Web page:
-----------
The Critique Group was included in the new anthology, ABUNDANT GRACE published by Richard Peabody and Paycock Press in December, 2016, and featuring women writers in the Washington DC area. My fiction selection is one of the shortest in this amazing collection. Praise be to Richard Peabody for including it. Copies of the anthology can be purchased at http://www.gargoylemagazine.com/paycock.



NEW SHORT FICTION - "BEHEADED"

A year or so ago I was watching the evening news and saw an image that filled me with anger and despair. The result was this piece of short or "flash" fiction entitled: "BEHEADED," which was just published in the wonderful online literary journal,FICTION SOUTHEAST. 

Here is a link to this new short short:



Thank you for reading!

GARGOYLES AND STARS - WINNING SHORT STORY

I am thrilled to share my short story "Gargoyles and Stars," winner of WRITER MAGAZINE'S 2016 short story contest, judged by Colum McCann (his new book of short stories: 13 Ways of Looking, is a must read, especially for writers).


It's a fast read, only about 750 words, about a woman of a certain age: Lydia. I love Lydia, and I think I will be coming back to her someday. Read on!!
 

GARGOYLES AND STARS- AWARD-WINNING SHORT STORY LINK HERE

Read my short story at The Writer Magazine web site now.
I was going to write a long blog about the value of entering contests, but what I really want you to do is read my short story, "Gargoyles and Stars,"winner of the 2016 Writer Magazine short story contest judged by Colum McCann. I rarely enter contests so I truly have no wisdom to share except to enter them once in a while, if you admire the work of the judge or the publication, if you feel lucky, if you don't feel lucky and want to feel lucky for a moment. ——Caroline

WHAM!!! Write A Story...A story about a story....


Wham! Write A Story!!
 (a story about a story for adults as well as kids)

Wham! Will writes. Ka-zooom!! And our hero flies off. The end. He adds a half dozen exclamation points to his ‘Wham’!!!!!! and three more to his Ka-zooooom!!!!!!!!!
 
 “I’m done,” he says in a very loud voice. “I’ve written the greatest story ever!”
 
But Lara, his best friend, doesn’t agree. His story isn’t done. It hasn’t even begun.
 
“Yes, it is! See I wrote ‘the end.’"
 
“You don’t have a beginning,” says Lara. “Where’s the ‘Once upon a time’ or ‘it was a dark and stormy night?’”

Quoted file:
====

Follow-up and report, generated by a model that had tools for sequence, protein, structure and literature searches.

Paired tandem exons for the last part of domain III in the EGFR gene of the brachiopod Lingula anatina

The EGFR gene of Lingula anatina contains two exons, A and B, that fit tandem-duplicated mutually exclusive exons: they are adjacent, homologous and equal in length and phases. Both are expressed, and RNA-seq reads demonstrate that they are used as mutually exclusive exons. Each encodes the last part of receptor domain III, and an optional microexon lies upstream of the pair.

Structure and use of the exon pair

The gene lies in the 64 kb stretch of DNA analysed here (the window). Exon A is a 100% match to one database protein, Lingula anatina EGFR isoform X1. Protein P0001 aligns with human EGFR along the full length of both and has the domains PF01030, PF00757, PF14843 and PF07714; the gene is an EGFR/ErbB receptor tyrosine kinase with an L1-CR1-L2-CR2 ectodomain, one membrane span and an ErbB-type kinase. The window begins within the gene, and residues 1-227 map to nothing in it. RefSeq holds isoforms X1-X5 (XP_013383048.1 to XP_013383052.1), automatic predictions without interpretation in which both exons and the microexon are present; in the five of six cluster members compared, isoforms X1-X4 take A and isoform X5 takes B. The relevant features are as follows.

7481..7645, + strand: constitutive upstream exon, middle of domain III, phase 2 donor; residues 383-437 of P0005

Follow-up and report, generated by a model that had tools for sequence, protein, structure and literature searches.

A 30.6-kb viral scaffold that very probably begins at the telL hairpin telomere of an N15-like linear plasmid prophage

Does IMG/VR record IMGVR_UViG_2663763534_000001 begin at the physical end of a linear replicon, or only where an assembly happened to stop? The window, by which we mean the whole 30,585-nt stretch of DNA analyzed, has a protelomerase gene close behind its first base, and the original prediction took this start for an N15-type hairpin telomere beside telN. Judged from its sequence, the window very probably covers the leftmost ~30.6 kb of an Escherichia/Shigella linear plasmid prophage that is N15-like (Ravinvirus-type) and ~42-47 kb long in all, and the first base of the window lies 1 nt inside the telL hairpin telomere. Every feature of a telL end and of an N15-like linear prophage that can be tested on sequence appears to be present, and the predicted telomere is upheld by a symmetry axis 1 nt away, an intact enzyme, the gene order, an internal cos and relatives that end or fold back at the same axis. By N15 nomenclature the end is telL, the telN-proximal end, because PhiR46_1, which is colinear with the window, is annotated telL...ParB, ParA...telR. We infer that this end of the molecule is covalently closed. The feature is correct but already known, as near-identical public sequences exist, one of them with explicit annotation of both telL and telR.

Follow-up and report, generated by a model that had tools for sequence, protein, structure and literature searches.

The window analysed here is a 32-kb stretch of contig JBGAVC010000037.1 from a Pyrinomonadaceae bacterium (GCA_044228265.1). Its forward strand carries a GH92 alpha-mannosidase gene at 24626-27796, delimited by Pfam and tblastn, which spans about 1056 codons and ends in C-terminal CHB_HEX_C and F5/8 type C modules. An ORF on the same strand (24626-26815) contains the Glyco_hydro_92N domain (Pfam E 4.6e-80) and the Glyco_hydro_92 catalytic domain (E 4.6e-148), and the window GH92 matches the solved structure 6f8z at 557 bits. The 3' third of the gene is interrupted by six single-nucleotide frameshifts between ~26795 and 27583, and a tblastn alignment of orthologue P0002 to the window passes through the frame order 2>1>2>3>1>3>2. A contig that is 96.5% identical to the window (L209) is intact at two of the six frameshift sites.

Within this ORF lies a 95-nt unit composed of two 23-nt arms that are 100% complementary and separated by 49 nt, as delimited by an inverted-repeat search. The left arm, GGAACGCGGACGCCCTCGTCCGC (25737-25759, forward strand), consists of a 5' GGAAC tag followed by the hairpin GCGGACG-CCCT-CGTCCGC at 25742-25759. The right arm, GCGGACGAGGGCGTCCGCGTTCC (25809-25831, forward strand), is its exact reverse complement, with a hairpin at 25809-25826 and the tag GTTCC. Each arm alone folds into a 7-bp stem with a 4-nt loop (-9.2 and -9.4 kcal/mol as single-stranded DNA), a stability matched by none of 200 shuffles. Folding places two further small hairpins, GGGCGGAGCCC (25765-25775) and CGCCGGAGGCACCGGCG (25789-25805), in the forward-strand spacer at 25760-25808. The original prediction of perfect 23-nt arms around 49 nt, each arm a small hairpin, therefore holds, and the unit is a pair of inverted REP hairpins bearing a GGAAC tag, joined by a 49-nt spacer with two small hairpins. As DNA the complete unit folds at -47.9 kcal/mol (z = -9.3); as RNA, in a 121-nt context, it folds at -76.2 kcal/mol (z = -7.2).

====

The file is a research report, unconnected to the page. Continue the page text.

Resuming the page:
“I have “Wham!' With an exclamation point.”
 
“Okay, you can start with wham! But something has to happen next. You have to introduce the setting or the characters.  Then something has to happen to the characters. Also, you’re using a lot of exclamation points!!!”
 
“Exclamation points look like soldiers, and I like them. But what’s the setting? Why do I need that?”
 
“Where the story takes place. The setting is also about when it takes place. For example, does it take place now? Or in the past? Or in the future?”
 
“I want it to take place here, Lara. On the page.”
 
“You have to take it off the page. Bring it into reader’s mind. My mind.”
 
“Then, how about at school?”
 
“What kind of school?  You have to be specific. The more details in a story, the better the story. An elementary school? A big school? The world’s biggest elementary school?”
 
“The world’s most gigantic elementary school. A billion and twenty-nine kids go there.”
 
“I’m glad I don’t go there.”
 
“It’s my setting,” says Will.
 
Lara stretched across the white sheet of paper, her character aching to go someplace. To do something or to want something—the story needed a plot.    
 
“Okay, so you have the setting. Who’s in the story? Who’s this story about? Is there a main character—other than us— that does something? That propels all the action and stuff forward.”
 
“Huh?”
 
“What happens next? That’s the plot. You have to ask yourself what happens to your characters?”
 
Will underlines with his newly sharpened yellow pencil a line where he says that his superhero flies off to fight the evil alien mutants, right before ‘the end.’

“Let’s back up. Is that your main character? A superhero? Not me?”
 
“I don’t write books about girls.”
 
“Today you will, or I’m leaving.”
 
“I guess I could add you but only as a secondary character.”
 
“Forget it then. This story ends now.”
 
“No, wait!!! Lara!!! You can be a main character too.”